Sunday, 26 August 2012

The Central Situation

Your series should have a central situation.
This is the situation in which the characters find themselves. It’s why they are who they are and do what they do.
For example, in Miami Vice, the central situation is that Crockett and Tubbs are undercover vice cops in Miami.
Supernatural - Sam and Dean are Hunters who travel across America in search of supernatural beings.
The X Files - Mulder and Scully are FBI agents tasked with investigating paranormal or unusual cases.
The Walking Dead - the characters are trying to survive a zombie apocalypse.

This situation should be one which will generate stories. The most obvious way to do this is to put your characters in a central situation in which they either:
a) willingly face the A and C Story problems as part of their job (i.e. detective and cop stories)
b) unwillingly face the A and C Story problems as part of their survival (i.e. ‘survivor’ stories)
There is an inherent problem with survivor stories. If the characters become too good at survival or reach relative safety, all the conflict will disappear.
This happened in Season Two of The Walking Dead. The group spent most of the season on a farm which was relatively safe from zombies. So the central situation (surviving the zombie apocalypse) was removed and the show became centered on the group’s internal conflicts. As a result, the tension flagged.
If your central situation involves survival, make sure the tension stays ratcheted up. Survival is only interesting if there is a chance of non-survival.
Other ways to make sure your characters face the A and C Stories is to force them to do so by their emotions.
If your series is a Romance or a Drama, the characters may take certain paths into the story arcs because they are compelled to do so by their love or hatred or jealousy of other characters. Think about Desperate Housewives and how many plot arcs came about because one character wanted revenge on another or because a character wanted love, or security, or money.
For more ideas along these lines, watch the new series of Dallas and look at what motivates the main characters. Or watch reruns of series like Dynasty or Dirty Sexy Money.
In the 19th Century, Georges Polti wrote a list of 36 Dramatic Situations. If you’re stuck for ideas when deciding your situations or characters’ motivations, a glance down the list could spark an idea.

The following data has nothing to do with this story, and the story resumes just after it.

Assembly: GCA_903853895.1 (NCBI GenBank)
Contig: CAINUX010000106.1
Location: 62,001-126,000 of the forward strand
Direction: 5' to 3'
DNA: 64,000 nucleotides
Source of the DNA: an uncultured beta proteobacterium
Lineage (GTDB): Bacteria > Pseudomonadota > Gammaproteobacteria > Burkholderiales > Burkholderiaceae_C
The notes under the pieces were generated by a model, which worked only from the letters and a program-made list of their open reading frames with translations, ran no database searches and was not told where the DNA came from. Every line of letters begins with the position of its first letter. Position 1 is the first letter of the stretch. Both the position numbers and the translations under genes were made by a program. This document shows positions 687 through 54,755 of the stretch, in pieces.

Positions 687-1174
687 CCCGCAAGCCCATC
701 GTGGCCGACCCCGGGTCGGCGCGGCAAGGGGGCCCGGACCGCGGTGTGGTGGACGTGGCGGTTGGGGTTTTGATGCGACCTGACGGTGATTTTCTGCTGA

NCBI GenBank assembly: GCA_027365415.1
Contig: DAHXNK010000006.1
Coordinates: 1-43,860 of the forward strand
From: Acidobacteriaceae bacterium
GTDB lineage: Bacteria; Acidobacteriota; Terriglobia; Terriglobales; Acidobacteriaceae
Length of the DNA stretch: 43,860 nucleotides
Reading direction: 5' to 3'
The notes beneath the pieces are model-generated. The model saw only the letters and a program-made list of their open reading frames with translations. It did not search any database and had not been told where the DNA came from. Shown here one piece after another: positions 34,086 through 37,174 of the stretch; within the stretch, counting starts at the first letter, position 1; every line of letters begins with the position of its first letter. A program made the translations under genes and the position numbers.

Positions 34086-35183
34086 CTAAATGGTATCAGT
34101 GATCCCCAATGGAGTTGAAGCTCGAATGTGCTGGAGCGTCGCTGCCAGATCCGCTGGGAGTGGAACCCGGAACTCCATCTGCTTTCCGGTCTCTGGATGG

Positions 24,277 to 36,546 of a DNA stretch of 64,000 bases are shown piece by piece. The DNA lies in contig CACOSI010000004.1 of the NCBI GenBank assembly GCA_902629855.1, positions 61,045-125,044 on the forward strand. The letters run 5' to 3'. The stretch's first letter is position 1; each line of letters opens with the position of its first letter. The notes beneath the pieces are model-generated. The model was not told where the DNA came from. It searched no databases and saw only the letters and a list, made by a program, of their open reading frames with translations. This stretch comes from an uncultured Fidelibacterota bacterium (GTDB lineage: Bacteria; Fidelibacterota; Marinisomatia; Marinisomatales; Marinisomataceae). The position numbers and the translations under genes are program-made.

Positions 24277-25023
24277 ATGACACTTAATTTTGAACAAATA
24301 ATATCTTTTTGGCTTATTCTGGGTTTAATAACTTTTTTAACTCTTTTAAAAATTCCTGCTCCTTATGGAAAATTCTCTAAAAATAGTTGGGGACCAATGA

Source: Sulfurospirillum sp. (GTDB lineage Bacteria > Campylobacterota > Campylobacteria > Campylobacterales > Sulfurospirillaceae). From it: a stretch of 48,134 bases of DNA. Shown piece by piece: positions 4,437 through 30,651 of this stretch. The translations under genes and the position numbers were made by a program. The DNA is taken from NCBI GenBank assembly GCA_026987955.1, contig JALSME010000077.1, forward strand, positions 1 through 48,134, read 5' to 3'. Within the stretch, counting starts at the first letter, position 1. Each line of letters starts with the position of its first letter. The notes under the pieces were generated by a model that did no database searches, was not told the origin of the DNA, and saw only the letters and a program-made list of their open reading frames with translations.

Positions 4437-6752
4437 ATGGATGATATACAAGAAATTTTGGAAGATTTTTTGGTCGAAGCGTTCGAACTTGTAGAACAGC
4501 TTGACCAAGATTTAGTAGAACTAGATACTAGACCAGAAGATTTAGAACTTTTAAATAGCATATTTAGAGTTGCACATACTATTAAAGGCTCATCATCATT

1. Supplication
 2. Deliverance
3. Crime Pursued by Vengeance
4. Vengeance Taken for Kindred Upon Kindred
5. Pursuit
6 Disaster
7. Falling Prey to Cruelty or Misfortune
8. Revolt
9. Daring Enterprise
10. Abduction
11. The Enigma
12. Obtaining
13. Enmity of Kinsmen
14. Rivalry of Kinsmen
15. Murderous Adultery
16. Madness
17. Fatal Imprudence
18. Involuntary Crimes of Love
19. Slaying of a Kinsman Unrecognised
20. Self-Sacrifice for an Ideal
21. Self-Sacrifice for Kindred
22. All Sacrificed for Passion
23. Necessity of Sacrificing Loved Ones
24. Rivalry of Superior and Inferior
25. Adultery
26. Crimes of Love
27. Discovery of the Dishonour of a Loved One
28. Obstacles to Love
29. An Enemy Loved
30. Ambition
31. Conflict With a God
32. Mistaken Jealousy
33. Erroneous Judgement
34. Remorse
35. Recovery of a Lost One
36. Loss of Loved Ones

The language may be a little archaic but these situations cover the basic human desires which will drive your characters through your story.
Create a solid central situation and motivate your characters to move through your A,B,and C Story arcs with their own personal agendas and you will have a conflict-driven series.

Now it’s time to start writing...


  1. So, you have the central situation and your A+B+C stories... and then what... write? More planning? Do you plan each episode in detail or do you "wing" it?

  2. TG, it all depends on the type of writer you are. If you plan everything out before you write then do so. If you're a pantser, write a first draft and revise it later.